Aviate Android launcher: the Yahoo experience

This week we've had a chat with Mark Daiss, Product Manager for Yahoo Aviate & Aviate Co-founder on the successful launch and continued updates to the Aviate Android launcher app. With the addition of Yahoo search to the app this week, the full replacement of your standard smartphone user interface is primed for action. Just in time for Christmas, just in time to change the way your brand new Android smartphone looks from the inside out. Supposing you want the Yahoo experience, that is to say.

Aviate isn't brand new. In fact, it's been in production for several years. The Beta of this app was only just released a bit over a year ago, and they joined the Yahoo team not long after that.

"We had a strong Aviate Beta release in October 2013," said Daiss, "joined Yahoo in January 2014, and our daily active user base has doubled by 2.5x since we announced the general availability of Aviate in June 2014. Our users interact with Aviate about 100 times per day. Additionally, 75 percent of our users engage with Spaces, our auto- categorization and contextual feature that surfaces information to your homescreen the moment it's useful, more than 10 times per day."

Below you'll see several screens from the Aviate app update that's been released this week – for free, as Aviate always has been.

"Aviate makes the phone experience simpler to use while also bringing intelligence to the homescreen," continued Daiss. "On the simplicity side, Aviate auto-categorizes apps in folders called Collections so that users don't have to manage apps themselves. Upon install, Aviate immediately categorizes apps and continues to do so with every new app that is installed."

"On the intelligent side, Aviate surfaces information at the moment it's useful. The concept behind Aviate is to use contextual signals — be it time of day, location, or calendar data — to bring the user experiences forward and make phones more intelligent."

"With Aviate, users can expect to see the information they need right at the moment it's useful."

This experience uses Android as its base – Google's standard Android experience is found in their Google Now Launcher – available for many smartphones and tablets as well, also out and free right this minute. The crew responsible for creating Aviate wanted to take the experience in a new direction.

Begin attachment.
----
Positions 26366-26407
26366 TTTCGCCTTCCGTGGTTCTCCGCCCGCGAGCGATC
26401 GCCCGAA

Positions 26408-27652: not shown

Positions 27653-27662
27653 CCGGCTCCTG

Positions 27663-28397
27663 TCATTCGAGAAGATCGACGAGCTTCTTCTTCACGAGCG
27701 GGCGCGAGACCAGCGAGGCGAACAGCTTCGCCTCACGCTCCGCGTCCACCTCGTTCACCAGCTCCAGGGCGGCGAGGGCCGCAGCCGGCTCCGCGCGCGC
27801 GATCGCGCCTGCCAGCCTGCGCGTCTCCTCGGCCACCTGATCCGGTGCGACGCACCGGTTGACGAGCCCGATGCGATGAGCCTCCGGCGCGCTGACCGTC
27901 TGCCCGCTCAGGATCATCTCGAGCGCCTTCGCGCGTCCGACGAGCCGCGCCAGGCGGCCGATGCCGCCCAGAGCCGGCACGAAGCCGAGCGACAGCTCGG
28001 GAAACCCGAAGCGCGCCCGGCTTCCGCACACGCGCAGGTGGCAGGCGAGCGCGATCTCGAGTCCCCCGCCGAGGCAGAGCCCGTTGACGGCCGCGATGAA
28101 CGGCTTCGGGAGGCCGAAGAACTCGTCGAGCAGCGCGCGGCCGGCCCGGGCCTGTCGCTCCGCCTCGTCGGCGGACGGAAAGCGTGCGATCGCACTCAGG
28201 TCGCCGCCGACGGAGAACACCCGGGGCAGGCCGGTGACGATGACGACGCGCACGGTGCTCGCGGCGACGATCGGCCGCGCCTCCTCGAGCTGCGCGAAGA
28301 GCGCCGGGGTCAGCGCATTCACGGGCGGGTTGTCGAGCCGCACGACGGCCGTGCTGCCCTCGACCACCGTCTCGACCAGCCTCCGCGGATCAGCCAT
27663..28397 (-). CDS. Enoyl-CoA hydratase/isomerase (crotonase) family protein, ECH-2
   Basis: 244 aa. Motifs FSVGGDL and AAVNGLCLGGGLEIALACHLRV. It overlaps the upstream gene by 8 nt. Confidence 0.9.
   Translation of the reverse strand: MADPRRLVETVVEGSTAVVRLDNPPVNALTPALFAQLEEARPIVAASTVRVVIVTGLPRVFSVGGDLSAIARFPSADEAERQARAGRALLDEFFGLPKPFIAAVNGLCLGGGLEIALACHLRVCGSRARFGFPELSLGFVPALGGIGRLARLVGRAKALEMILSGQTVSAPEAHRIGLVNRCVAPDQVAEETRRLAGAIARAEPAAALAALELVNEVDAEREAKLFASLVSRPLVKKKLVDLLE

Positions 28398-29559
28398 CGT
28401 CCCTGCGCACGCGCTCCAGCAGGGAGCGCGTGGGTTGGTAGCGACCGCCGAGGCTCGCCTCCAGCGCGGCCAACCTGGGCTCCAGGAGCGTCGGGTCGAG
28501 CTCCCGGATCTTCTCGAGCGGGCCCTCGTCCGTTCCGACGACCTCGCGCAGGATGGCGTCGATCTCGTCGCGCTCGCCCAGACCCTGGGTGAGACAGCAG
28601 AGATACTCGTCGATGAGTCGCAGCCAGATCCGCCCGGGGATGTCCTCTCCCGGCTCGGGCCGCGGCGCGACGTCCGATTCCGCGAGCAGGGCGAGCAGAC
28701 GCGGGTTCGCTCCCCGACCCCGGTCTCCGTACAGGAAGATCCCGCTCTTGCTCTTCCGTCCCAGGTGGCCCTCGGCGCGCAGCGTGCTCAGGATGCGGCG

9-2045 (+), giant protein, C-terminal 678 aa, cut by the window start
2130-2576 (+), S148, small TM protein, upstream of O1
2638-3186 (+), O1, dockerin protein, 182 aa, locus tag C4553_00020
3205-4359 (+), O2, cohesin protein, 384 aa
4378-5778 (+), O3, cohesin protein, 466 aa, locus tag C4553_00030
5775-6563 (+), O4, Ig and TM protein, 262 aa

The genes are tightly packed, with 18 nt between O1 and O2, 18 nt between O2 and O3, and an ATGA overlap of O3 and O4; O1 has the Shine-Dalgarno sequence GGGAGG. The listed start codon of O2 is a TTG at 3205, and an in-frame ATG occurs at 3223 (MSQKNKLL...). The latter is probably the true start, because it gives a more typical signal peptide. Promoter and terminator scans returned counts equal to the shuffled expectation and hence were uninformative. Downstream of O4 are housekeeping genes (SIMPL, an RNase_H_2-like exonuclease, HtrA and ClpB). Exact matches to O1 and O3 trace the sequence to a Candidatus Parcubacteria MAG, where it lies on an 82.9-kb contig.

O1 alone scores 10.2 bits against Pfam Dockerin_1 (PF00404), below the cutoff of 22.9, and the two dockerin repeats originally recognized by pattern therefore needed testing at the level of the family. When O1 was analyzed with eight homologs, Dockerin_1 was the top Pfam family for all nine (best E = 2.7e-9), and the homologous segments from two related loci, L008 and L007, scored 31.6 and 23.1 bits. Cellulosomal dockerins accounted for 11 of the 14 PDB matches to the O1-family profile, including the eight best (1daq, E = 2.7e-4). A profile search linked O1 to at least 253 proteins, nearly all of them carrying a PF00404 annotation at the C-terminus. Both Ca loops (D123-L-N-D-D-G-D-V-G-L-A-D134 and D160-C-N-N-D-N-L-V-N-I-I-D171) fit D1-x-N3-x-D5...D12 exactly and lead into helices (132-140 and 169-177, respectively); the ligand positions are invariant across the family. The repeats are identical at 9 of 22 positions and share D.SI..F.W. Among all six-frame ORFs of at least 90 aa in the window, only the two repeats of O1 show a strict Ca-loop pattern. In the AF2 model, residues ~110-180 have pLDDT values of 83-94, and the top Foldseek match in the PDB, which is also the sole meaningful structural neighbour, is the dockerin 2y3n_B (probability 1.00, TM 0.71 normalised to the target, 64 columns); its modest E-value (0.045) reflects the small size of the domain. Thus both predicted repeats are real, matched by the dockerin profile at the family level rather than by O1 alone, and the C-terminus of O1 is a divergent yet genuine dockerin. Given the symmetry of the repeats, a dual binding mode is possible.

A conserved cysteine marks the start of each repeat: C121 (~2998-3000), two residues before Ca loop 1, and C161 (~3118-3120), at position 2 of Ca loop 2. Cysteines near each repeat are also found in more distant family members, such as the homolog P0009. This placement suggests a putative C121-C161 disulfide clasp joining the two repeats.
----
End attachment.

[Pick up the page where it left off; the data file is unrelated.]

"Aviate wanted to take advantage of what phones are capable of in terms of understanding where you are, what you're doing, and what you need." Daiss continued, "We thought the homescreen was the best place to start as it allowed us to build technology that put content in front of users at the perfect moment."

"Aviate's vision is to connect you to the world's information the moment it's useful."

"In thinking through how to accomplish this vision, we looked to mobile search and thought about how much your phone understands about you — your location, your contacts, your calendar, your emails. And we imagined context becoming a part of that mobile experience."

The newest update to Aviate adds several bug-fixes and odd features, but the biggest bump is with the Yahoo search bar. This isn't the only way Yahoo is expanding its reach in the search space. You'll also find it popping up as the default search engine for Firefox.

"Yahoo is continuing to invest in context and improving search, because that's where the future of mobile is heading. And, it's evident that users are interested in more intelligent devices, illustrated by the way Aviate's daily active user base more than doubled since launching in June."

You can download the Yahoo Aviate launcher from Google Play right now. All you'll need is a smartphone or tablet with Android version 2.3.3 and up. If your smartphone was released in the past several years, there's a very GOOD chance you'll have a version of Android that's good to go.

As Yahoo Aviate is a launcher experience that competes with Google's Now Launcher and Yahoo is an ever-growing entity in the smart device space, it seemed only right to ask Daiss whether or not this launcher was a sign of the times – whether or not Yahoo would eventually release their own smartphone.

"Right now," said Daiss, "we're focused on building the best possible experience for Android smartphone users."